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471

Serbia Criminal Code, Official Gazette of the RS No. 85/2005, 88/2005, 107/2005, 72/2009, 111/2009.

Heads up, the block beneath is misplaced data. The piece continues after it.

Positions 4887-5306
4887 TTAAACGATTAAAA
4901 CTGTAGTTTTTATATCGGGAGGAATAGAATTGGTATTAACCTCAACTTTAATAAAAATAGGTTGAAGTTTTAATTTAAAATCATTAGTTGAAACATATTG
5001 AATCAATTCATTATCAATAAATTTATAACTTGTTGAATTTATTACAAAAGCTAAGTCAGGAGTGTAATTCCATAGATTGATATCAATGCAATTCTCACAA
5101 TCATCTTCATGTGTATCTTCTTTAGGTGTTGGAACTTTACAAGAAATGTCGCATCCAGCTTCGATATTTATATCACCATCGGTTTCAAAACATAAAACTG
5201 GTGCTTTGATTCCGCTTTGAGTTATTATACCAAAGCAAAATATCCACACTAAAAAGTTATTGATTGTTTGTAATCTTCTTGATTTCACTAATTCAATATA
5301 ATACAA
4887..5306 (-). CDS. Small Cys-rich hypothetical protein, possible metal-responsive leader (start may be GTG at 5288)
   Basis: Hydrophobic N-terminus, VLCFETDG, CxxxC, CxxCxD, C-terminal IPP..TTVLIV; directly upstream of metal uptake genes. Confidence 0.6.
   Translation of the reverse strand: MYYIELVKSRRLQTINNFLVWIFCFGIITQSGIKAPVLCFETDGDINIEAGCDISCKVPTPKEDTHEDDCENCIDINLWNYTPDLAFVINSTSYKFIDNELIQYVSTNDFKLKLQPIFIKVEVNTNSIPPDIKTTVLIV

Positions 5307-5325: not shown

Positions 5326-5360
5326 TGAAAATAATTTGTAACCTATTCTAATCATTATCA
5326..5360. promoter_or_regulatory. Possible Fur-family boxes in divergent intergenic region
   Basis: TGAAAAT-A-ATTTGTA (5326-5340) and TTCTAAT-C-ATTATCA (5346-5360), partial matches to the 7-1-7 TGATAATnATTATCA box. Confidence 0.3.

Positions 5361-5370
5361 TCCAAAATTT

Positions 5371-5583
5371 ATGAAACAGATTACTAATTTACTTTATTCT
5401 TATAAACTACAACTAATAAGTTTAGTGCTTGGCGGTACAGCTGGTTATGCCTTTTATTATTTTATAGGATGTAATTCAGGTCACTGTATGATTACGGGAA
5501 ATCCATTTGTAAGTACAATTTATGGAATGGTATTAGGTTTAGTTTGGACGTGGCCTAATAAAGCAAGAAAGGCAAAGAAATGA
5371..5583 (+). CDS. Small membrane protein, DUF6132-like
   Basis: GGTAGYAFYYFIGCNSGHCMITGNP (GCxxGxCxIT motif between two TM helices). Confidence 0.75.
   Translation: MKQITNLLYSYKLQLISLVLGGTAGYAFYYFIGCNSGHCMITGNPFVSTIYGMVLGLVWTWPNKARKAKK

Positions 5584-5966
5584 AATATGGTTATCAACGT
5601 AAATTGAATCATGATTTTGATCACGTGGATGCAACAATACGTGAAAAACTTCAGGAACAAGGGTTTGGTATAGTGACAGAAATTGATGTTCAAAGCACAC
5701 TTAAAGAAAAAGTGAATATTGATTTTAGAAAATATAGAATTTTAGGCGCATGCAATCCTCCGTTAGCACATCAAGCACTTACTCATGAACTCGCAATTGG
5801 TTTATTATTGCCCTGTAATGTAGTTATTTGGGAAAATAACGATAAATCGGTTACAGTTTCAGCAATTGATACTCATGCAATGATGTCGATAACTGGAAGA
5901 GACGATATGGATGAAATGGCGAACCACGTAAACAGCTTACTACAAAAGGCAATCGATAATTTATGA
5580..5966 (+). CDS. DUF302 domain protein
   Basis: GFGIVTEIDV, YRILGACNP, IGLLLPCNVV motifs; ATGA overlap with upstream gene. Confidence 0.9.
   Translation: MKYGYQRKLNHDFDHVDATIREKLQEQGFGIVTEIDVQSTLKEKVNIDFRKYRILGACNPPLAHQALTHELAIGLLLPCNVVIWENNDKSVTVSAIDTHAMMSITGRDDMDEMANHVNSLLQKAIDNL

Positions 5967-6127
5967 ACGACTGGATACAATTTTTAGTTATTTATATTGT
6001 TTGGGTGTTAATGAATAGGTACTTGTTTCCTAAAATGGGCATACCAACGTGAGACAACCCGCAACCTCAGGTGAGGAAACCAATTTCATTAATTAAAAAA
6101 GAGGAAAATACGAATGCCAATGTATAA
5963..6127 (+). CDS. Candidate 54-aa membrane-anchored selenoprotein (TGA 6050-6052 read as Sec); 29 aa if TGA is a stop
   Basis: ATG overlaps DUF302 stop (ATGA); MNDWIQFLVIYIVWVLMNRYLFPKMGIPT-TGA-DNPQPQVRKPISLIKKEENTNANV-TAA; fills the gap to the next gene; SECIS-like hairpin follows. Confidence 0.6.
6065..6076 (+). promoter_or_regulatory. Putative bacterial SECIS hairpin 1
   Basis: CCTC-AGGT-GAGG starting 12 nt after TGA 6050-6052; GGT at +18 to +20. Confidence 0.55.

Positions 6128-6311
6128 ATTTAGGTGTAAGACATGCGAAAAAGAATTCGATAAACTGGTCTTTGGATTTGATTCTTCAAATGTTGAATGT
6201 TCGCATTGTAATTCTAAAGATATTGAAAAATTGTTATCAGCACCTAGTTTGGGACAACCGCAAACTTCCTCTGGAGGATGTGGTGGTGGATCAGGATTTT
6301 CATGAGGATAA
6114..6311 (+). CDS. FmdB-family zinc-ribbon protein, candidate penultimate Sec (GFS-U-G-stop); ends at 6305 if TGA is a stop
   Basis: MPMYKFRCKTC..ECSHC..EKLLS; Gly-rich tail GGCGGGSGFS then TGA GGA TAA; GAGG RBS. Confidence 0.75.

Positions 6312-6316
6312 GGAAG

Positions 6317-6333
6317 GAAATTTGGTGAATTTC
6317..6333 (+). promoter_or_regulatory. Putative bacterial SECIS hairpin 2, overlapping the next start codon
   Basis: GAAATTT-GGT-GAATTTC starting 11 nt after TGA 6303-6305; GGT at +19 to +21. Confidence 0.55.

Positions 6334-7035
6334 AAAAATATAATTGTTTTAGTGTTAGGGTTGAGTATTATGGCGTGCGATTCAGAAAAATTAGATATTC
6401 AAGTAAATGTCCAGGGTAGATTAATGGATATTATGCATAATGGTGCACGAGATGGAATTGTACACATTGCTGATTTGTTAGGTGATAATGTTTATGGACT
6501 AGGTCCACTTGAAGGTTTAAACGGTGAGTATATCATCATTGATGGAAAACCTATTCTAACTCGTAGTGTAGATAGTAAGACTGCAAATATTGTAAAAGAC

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SFRY CC, Article 142: War crimes against the civilian population This article sets out punishment for war crime against the civilian population: (1) Whoever, in violation of rules of international law effective at the time of war, armed conflict or occupation, orders an attack on civilian population, settlement individual civilians or persons incapable to fight, resulting in death serious bodily injury or serious disturbance of health; attack without selecting a target by which civilian population is harmed; that civilian population be subject to killings, torture, inhuman treatment, biological, medical or other scientific experiments, taking tissues or organs for transplantation; immense suffering or violation of bodily integrity or health; dislocation or displacement or forcible conversion to another nationality or religion; forcible prostitution or rape; application of measures of intimidation and terror, taking hostages, imposing collective punishment, unlawful bringing in concentration camps and other illegal arrests and detention, deprivation of rights to fair and impartial trial; forcible service in the armed forces of enemy's army or in its intelligence service or administration; forcible labour, starvation of the population, property confiscation, pillaging, illegal and self-willed destruction and stealing on large scale of a property that is not justified by military needs, taking an illegal and disproportionate contribution or requisition, devaluation of domestic currency or the unlawful issuance of currency, or who commits one of the foregoing acts, shall be punished by imprisonment for not less than five years or by the death penalty. (2) Whoever, in violation of rules of international law effective at the time of war, armed conflict or occupation, orders: an attack to be conducted on facilities under a special protection by international law and facilities and installations with dangerous force such as dams, levees and nuclear power stations; wanton destruction of civilian facilities under a special protection by international law, undefended places and demilitarized zones; long-term and wide-range damage of the natural environment that can be harmful to health or survival of population; or whoever commits some of the aforementioned acts, shall be punished by sentence from paragraph 1. (3) Whoever, in violation of the rules of international law effective at the time of war, armed conflict or occupation, as an occupier, orders or commits dislocation of part of its civilian population to the occupied territory, shall be punished by imprisonment for not less than five years.